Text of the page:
Smoke seems to be vanishing from our fireplaces and fingertips. While it is rapidly increasing in other parts of the world, in London soon there may be nothing left but its symbolic quality. Smoke is going up in smoke; it is becoming its own metaphor. Implicasphere is intent on marking its presence as it starts to disappear (Implicasphere: Smoke exhibition text by Cathy Haynes and Sally O’Reilly, 2008).

To celebrate the final edition of our Implicasphere mini-publication series, Sally O’Reilly and I made a temporary “museum of smoke” at the Pump House Gallery in Battersea Park, London.

The exhibition brought together over 70 objects – artworks, photographs, films, museum artefacts, everyday objects and ephemera from across cultural history – linked only by the theme of smoke. This riot of artefacts dissolved the hierarchies that set apart fields of knowledge and practice. A miniature plate of smoked salmon for a doll’s house featured alongside a Smoke Bush botanical specimen, a 17th-century engraving of a smoking Sir Walter Raleigh being doused by a servant who thinks he’s on fire, a smoky mother-of-pearl button, a magic lantern, an early documentary on skywriting, photos of larval puffs issuing from Hayley Newman’s Volcano Lady (above), smoky eye make-up, an antique smoke-enema resuscitator kit, Marey’s photographic study of smoke aerodynamics, a monumental tapestry by Pae White (above), NASA’s Aerogel or ‘solid smoke’, an ethnographic pipe collection, Kate Bush’s smoke-swathed Wuthering Heights video, a 1930s public information film on the domestic effects of chimney smoke, and a device by Germaine Koh that converted the Gallery’s computer activity into Morse-code spurts of smoke.

The exhibition used redundant vitrines from the V&A, giving it the air of an eccentric private museum. Ephemera were mounted in old frames. Old cartoons were reproduced on fragile newsprint. Visitors were invited to read books on volcanology, smoke-and-mirror magic and the Great Fire of London laid out on a smoked glass coffee table. The paint on the walls was a historic shade of Green Smoke.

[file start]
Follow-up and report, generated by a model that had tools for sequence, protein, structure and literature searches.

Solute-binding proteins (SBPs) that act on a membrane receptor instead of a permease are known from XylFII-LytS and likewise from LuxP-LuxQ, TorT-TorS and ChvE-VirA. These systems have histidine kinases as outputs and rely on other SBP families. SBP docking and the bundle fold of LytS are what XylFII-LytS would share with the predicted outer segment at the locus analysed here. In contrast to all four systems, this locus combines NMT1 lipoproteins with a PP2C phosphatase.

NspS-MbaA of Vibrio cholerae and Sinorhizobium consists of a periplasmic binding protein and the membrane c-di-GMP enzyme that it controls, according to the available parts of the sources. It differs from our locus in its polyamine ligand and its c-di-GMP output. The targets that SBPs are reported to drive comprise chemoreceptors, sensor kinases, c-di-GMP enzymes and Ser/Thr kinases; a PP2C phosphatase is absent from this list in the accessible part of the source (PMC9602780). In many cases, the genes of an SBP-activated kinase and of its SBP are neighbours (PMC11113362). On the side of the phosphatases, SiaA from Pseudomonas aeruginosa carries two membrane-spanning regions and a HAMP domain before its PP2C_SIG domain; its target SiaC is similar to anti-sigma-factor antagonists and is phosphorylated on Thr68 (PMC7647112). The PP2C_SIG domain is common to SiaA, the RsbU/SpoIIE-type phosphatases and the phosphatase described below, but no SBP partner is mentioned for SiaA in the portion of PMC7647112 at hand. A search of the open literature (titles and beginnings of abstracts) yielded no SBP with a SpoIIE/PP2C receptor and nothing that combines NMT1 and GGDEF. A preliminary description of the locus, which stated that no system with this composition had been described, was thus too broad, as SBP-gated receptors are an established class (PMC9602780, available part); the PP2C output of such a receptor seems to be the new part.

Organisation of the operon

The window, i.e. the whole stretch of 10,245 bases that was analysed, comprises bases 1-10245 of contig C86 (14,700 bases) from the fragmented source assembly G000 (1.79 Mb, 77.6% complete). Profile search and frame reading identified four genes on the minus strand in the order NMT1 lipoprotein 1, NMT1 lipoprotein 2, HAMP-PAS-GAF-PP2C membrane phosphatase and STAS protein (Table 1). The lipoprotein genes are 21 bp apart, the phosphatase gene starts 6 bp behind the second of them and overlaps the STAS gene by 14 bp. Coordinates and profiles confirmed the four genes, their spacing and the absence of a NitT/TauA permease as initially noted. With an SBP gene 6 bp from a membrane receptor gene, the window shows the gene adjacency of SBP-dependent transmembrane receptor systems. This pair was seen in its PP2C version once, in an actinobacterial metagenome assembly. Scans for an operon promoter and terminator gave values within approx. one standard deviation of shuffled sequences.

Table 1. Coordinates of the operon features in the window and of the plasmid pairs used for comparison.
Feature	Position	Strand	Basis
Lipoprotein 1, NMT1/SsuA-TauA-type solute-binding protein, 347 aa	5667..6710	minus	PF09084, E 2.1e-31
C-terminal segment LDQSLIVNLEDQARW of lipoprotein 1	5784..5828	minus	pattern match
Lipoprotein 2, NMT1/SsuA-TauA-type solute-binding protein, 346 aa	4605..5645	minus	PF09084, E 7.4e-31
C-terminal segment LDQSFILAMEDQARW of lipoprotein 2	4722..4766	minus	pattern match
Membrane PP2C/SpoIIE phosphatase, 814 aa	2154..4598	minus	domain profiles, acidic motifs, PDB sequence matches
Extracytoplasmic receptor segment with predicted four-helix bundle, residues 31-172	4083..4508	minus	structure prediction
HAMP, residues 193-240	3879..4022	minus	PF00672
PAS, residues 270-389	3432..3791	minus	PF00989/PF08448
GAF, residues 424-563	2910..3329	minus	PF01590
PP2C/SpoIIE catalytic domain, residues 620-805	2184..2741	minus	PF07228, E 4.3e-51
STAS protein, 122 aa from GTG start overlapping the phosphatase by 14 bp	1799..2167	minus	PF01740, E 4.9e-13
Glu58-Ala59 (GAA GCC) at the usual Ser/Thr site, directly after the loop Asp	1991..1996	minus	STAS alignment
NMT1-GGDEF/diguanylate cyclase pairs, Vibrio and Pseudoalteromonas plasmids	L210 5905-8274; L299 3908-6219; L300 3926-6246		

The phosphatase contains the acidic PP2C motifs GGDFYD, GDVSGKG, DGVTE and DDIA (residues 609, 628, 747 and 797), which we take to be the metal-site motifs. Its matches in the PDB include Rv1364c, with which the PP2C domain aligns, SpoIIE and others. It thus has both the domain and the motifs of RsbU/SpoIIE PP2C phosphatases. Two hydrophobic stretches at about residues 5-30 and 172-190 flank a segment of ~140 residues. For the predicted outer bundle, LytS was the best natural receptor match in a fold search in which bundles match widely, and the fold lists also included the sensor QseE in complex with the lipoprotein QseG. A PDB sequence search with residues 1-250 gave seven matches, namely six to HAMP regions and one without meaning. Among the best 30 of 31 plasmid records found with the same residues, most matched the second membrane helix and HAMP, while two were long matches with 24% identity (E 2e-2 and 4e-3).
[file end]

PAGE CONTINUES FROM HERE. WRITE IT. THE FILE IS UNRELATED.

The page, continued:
A rigorous museum survey of this kind would have aimed at enabling a solid definition of the word smoke. To our implicaspherical delight, bringing so many smoky artefacts together had the opposite effect. Its excess of smokiness revealed how impossible it is to net smoke, pin it down, really nail its definition.

The exhibition expanded into the surrounding park with a Smoke Fayre. This was a play on the traditional English summer fete, with a miniature steam train, smoky eye makeup demonstrations, and lessons in smoking fish. The failure of this “museum” to carve up and contain its theme in neat categories was played out in action at the Fayre when a rabbit breeder sheared her smoky angora’s wool, passed it to a professional knitter who made it into a yarn and showed a fire fighter how to knit volcanic smoke plumes (above).

The public programme for the exhibition also included a Smoke Gig by Chrome Hoof at the ICA and a talk at the Artworkers’ Guild by Prof. Steven Connor.

Implicasphere: Smoke was included in The Independent newspaper’s weekly round-up of the ‘five best exhibitions’ nationwide. It was also included in the RSA Art & Ecology programme’s international ‘Best of 2008’.